In San Antonio Palopó, our group had the opportunity to participate in homestays. Having never had participated in a homestay experience before, I did not know quite what to expect. I certainly do not think that I expected to: make pesto from scratch with my host mom, stay up late with my host sister talking about Guatemalan teen life and school systems, or befriend the 4 (yes, four!) dogs that were looked after by the household.

One of the group’s most memorable moments on the trip, and one of my favorites, was when we went on a visit to a local shop. The initial inspiration for the excursion was simply that the shop was owned and operated by one of the host families for the group. Though we had expected to take a look around, and potentially even purchase some of the merchandise, never did we expect an offer to try it all on! Yet, when in Guatemala . . .

Learning in the Community


During our trip, we were able to take our learning even deeper into the local communities. Our first meeting was with the Committee of Farmers from the Highlands

(CCDA: Comité Campesino del Altiplano) in which we visited their headquarters and learned all about the struggles of access to land, indigenous rights, food security, coffee cultivation, and processing in the highlands of Guatemala. We followed this visit with a stop at the Mesoamerican Permaculture Institute (IMAP, Instituto Mesoamerican de Permacultura) in which we learned about permaculture, agriculture, and food sovereignty.

By visiting these sites and listening to our speakers of the day, I gained a deeper understanding of how everything is truly interconnected and solid infrastructure is the key to everything. From politics to farming, to social communities; everything you build works better lasts longer, and is ultimately more sustainable when you build a solid base and plan out a developed infrastructure.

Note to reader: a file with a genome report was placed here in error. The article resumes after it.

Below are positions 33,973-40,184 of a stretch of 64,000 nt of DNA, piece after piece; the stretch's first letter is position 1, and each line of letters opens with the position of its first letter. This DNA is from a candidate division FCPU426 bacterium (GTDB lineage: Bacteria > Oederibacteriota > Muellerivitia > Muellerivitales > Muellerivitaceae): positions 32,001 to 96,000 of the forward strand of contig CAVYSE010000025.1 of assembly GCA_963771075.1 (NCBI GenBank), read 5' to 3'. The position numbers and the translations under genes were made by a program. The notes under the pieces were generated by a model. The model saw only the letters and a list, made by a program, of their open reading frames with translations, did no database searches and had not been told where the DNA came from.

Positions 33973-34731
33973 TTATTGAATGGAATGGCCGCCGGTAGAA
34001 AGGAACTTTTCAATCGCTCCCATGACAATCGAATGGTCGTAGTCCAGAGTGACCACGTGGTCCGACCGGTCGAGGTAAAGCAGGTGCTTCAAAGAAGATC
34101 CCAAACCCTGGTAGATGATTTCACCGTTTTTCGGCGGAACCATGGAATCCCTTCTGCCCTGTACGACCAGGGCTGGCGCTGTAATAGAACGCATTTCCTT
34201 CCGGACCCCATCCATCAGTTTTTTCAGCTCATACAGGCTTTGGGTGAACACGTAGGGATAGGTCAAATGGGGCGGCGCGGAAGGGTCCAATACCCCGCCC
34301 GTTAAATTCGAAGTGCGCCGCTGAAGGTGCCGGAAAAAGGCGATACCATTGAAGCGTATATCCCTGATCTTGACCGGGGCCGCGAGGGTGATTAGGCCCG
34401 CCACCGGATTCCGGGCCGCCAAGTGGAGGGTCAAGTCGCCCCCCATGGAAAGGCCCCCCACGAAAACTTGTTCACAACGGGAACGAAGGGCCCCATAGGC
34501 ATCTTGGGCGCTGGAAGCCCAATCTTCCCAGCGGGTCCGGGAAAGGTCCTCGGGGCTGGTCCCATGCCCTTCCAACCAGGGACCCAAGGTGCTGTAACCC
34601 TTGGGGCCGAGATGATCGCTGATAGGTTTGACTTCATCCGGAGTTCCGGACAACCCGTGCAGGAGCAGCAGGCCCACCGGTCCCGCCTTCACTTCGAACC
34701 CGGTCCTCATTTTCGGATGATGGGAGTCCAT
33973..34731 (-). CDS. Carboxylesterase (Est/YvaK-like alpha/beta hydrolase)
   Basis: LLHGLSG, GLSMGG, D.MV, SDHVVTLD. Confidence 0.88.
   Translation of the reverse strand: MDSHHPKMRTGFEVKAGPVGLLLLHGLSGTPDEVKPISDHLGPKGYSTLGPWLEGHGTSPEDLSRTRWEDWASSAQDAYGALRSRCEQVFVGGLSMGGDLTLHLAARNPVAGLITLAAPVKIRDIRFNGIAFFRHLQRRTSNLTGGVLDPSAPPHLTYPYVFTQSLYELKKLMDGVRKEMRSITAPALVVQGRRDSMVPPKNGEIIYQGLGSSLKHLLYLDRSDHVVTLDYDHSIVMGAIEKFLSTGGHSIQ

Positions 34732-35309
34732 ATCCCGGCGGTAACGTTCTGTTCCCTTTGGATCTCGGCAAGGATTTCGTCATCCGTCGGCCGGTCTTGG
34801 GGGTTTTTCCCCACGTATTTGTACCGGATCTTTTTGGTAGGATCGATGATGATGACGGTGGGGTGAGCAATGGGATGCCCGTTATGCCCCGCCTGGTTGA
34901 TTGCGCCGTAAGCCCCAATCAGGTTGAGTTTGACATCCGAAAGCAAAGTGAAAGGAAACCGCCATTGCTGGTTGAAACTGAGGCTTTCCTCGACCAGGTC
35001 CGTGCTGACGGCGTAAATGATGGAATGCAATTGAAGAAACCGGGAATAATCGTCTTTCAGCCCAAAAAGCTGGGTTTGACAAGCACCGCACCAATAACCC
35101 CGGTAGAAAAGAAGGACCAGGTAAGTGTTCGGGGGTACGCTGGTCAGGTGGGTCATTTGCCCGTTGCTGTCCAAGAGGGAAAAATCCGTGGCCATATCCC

Iximche’ Mayan Ruins

Located in the Central Highlands of Guatemala, the Iximche Mayan Ruins, was an amazing excursion. Having seen many of the larger, more populated ruin-cities throughout Central America, this was my first time visiting a smaller settlement. Though nature had reclaimed a bit of the site here and there, overall the ruins were very much intact. As a traveler and as a student, it was incredibly neat to be able to compare how similar the structures and their architecture were to the other places I had been, despite the distance and years between their creations.

Guatemalan Education System

Several times over the course of the trip our group had the opportunity to visit local schools. From an elementary school in our homestay town (where the principal was actually one of our host parents) to a junior high school a few towns over, to a Jesuit high school, elementary school, and preschool in Guatemala City, we were able to see the difference that private vs public schools have, and that location and resources make a significant difference in the Guatemalan School System.

Reflecting Like a Saint

Catedral de San José

One of my personal favorite aspects of these immersion trips is the aforementioned “daily reflections” portion of each day. Reflecting, both personally in my journal and collectively as a group, I have found allows for a deeper understanding of the day’s events and an overall stronger connection to the purpose of the trip.

It was during one of these reflections that a trip member shared “I would not describe myself as Catholic, but I would define myself as Franciscan.” I was struck by that. For the longest time, I have pondered how to describe my faith, struggling to settle on just one thing when there is so much good to be influenced by. What I identified within that statement, I realized was actually an underlying theme of the whole trip. It is okay to be “part this and part that” and define yourself as a mix of many things. Combinations and blends of ideas and notions, as it happens, make for better infrastructures.

~For more photographs of Guatemala, check out Travel Along’s Photo Gallery.